Both paperboard and plastic remain as widely popular packaging materials. Yet, negative perceptions of plastic persist due to the commonly misplaced notion that paper is “natural” whereas plastic is not. This perception has pushed retailers and brands to make the switch away from plastic to paperboard but not without consequential environmental impacts.
The increase in demand for paperboard packaging has surfaced serious environmental concerns, often unspoken such as deforestation, water pollution and increased greenhouse gas emissions, sparking a larger conversation on which material is more sustainable – paperboard or plastic? Here, PakTech unpacks this ongoing debate comparing the two materials from a holistic point of view.
A Full Life Cycle Perspective
A strong presumption exists among consumers that paperboard is somehow “natural.” But upon reflection, neither paperboard nor plastic really exist “in nature”: both are human made through large-scale processes that have environmental costs but provide significant benefits in return – from protecting our food to ensuring hygiene - that necessitate their use in today’s society.
With this in mind, how can consumers make more responsible choices? They can do this by weighing the relative costs and benefits of each material from a life cycle perspective, taking into consideration the production, use and waste stages. When evaluated from this perspective, it becomes clear that plastic, particularly recycled plastic, performs better than paperboard.
Take resource intensiveness for instance, the pulp and paper industry is one of world’s heaviest user of fresh water, requiring billions of tonnes per year while also being heavily energy-intensive to power pulp mills. The increase in demand for paper is putting pressure on supply chains (two billion trees are cut down each year for packaging alone), threatening biodiversity while deforestation reduces nature’s carbon storage capacity during a time when its role is critical to tackle climate change. In addition, while paperboard is perceived as more “natural,” the processing stage relies on chemicals to pulp woodchips – a significant source of water pollution.
PakTech handles are manufactured more efficiently in comparison. While conventional plastic already embodies a smaller carbon footprint compared to paperboard due to less energy required for its production and transportation, PakTech handles perform even better by requiring 90% less energy than virgin plastic. Created from recycled feedstock, they do not deplete natural resources, reduce fossil fuels and avert plastic waste from our environment.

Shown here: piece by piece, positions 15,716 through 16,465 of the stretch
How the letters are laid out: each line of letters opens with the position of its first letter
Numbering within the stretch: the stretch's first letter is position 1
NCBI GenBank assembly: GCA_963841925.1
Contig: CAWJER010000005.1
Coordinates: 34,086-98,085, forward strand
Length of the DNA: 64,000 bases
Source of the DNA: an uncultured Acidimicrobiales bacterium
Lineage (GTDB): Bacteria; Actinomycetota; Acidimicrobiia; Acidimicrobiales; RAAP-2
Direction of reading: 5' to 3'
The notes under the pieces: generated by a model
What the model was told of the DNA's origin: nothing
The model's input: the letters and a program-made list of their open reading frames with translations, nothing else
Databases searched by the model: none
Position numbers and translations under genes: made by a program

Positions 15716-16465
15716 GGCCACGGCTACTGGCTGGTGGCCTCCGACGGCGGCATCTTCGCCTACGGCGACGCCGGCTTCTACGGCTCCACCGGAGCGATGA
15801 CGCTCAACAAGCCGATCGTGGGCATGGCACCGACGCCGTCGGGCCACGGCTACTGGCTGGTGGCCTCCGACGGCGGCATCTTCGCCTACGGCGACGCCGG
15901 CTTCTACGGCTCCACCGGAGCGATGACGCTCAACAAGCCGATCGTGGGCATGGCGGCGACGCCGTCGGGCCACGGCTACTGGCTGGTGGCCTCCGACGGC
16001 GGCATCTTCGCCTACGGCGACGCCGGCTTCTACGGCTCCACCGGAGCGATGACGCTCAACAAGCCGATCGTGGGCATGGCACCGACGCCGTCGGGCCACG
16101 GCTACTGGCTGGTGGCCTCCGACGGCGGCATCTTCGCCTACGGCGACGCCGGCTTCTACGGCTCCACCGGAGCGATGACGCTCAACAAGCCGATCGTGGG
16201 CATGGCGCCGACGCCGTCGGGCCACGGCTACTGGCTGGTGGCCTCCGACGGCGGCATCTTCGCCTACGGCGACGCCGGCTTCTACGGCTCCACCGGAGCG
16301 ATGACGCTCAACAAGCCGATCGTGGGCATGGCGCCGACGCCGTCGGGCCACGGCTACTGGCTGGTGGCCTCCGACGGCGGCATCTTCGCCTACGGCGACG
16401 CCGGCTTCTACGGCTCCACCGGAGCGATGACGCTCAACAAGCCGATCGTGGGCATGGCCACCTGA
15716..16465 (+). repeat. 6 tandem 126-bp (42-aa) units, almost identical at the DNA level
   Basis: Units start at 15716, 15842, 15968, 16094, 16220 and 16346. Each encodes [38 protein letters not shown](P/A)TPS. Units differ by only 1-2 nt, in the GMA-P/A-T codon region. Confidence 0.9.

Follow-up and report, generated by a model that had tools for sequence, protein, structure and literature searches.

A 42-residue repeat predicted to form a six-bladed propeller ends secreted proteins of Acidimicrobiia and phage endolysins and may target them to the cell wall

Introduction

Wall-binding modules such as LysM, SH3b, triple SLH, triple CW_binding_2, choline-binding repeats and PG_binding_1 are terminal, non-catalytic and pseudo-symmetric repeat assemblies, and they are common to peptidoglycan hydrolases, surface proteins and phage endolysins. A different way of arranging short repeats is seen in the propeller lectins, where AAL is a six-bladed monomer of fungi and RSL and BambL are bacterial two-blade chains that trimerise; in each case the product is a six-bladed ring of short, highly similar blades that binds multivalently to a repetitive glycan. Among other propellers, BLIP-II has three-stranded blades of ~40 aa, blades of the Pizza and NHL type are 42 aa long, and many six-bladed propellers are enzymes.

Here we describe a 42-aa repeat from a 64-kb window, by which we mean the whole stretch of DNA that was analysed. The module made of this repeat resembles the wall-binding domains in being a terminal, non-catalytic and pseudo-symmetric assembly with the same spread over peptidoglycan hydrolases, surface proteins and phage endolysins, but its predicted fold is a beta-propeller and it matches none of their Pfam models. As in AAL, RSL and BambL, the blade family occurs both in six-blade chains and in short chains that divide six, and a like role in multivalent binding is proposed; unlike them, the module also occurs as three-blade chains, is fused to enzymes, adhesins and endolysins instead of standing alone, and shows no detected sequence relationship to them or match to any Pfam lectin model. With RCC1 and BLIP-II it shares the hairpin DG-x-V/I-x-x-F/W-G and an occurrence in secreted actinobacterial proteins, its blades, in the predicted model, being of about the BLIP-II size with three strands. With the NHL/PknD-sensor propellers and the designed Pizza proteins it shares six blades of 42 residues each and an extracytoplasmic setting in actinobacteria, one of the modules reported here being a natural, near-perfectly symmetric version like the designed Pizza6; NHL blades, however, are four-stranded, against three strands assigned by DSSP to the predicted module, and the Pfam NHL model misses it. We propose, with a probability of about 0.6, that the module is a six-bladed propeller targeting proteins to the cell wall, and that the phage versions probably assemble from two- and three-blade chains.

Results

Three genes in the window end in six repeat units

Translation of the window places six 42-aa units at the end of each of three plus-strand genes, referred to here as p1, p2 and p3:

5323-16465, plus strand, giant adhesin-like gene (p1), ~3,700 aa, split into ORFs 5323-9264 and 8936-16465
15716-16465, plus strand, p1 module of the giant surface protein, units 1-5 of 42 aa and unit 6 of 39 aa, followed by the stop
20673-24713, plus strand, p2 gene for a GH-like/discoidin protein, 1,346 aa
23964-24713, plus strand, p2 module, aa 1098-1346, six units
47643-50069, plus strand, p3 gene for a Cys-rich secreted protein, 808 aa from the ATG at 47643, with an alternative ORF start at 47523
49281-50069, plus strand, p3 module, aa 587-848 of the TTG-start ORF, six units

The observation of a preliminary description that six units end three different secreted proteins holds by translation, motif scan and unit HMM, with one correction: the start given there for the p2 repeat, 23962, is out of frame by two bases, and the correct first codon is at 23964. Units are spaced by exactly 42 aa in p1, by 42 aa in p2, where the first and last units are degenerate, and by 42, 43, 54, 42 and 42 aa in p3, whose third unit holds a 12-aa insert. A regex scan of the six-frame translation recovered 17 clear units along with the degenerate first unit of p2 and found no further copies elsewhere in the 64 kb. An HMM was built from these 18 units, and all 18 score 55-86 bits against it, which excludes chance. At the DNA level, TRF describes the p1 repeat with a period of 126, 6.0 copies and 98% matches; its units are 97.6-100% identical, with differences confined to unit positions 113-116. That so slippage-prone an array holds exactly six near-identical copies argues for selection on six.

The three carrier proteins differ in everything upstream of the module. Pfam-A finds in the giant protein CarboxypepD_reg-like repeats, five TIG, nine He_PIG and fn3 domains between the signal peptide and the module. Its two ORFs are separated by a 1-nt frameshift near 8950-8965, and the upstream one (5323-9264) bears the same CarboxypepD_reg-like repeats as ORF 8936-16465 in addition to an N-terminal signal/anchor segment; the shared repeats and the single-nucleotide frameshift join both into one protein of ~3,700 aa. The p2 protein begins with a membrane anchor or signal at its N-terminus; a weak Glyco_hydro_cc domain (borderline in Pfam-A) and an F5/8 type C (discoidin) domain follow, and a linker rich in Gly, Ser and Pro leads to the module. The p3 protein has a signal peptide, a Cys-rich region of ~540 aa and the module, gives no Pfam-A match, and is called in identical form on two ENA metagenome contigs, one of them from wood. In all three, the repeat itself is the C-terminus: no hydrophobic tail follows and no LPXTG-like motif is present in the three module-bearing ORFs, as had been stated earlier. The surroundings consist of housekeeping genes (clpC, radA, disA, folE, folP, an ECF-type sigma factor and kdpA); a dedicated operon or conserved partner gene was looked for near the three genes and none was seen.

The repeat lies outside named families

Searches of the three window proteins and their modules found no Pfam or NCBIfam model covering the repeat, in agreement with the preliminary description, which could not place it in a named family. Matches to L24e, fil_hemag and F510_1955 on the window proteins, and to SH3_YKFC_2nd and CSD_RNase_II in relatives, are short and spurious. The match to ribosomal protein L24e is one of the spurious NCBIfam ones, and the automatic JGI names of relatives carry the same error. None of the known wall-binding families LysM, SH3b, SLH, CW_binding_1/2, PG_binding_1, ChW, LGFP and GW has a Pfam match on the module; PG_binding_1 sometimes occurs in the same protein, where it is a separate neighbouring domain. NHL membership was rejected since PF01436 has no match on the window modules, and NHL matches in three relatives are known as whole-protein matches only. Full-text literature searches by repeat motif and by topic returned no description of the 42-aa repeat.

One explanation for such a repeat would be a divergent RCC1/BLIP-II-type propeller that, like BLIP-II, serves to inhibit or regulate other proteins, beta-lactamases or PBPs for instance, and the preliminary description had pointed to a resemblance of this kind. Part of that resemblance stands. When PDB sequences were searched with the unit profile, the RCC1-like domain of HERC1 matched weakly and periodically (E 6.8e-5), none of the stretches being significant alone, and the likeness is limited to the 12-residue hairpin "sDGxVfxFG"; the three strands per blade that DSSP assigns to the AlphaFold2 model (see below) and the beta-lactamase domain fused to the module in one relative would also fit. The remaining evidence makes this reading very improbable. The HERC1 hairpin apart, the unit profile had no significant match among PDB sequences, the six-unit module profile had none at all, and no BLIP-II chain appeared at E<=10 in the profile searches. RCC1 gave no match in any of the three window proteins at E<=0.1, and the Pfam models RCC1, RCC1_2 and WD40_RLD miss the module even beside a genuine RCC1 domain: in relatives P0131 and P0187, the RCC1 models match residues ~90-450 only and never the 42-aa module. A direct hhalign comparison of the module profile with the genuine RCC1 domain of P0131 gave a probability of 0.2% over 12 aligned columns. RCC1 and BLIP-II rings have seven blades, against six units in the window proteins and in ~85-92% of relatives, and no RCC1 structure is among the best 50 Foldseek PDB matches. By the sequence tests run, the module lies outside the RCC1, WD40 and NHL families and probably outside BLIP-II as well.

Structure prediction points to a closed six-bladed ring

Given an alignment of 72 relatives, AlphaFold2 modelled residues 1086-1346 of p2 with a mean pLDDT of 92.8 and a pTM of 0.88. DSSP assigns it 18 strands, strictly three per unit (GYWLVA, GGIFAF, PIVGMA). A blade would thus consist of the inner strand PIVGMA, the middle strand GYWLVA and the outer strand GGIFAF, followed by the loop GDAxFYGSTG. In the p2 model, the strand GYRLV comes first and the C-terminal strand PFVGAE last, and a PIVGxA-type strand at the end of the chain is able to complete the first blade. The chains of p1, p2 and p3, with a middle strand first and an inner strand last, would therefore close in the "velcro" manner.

It also shows superior qualities during the use and resuse stage. Thanks to attributes such as amenability for strong and flexible parts, water-resistance, durability, and structural soundness, plastic is the ideal reusable material, a packaging format which shows better environmental performance than their single-use counterparts. A 2020 paper from Reloop showed that reusable HDPE bottles produce 65% less carbon emissions that single-use HDPE bottles. Meanwhile, the weak structural integrity of paperboard makes it unsuitable for reusable packaging and means it becomes easily damaged, creating unnecessary waste.
And when it comes to recyclability? Paperboard is often chosen over plastic as consumers immediately recognise it as recyclable. In reality, recycling paperboard is more tricky than assumed as its recyclability is compromised when contaminated (think greasy pizza box) or coated with resin to create moisture resistance properties.
Further, when paperboard is reprocessed into new products, the quality of the fibres diminishes with each treatment, resulting in only a 17% yield rate for recycled material. When it comes to HDPE, PakTech’s material of choice, the material retains 100% of its full reuse properties when recycled into new products almost indefinitely. Further, plastic recycling uses 65% to 88% less energy than producing virgin plastic, as opposed to 25% less energy for recycled paperboard than from new materials.
Importance of Choosing Circular Material
While the plastic versus paperboard debate rages on, the demand for circular plastic is increasing. Businesses are making strides in both the uptake of mono-material plastic packaging to enhance recyclability and packaging with increased recycled content while regulators across the UK and Europe are setting legislation to incentivise producers and importers to use more recycled plastic content.
At PakTech, our material of choice is 100% recycled HDPE for its circular attributes that reduce unnecessary waste such as water-resistance and durability that further reduce our reliance on finite resources. PakTech handles are always second life products, even third when it comes to our Pak to Pak can carriers that are made out of recycled PakTech handles.
PakTech has been using 100% recycled plastic to produce our handles since 2012, making us a pioneering solutions-provider in sustainable and circular packaging. With our 100% recycled, reusable and recyclable handles, consumers and businesses will be reassured that they’re making a smart and sustainable choice when it comes to packaging.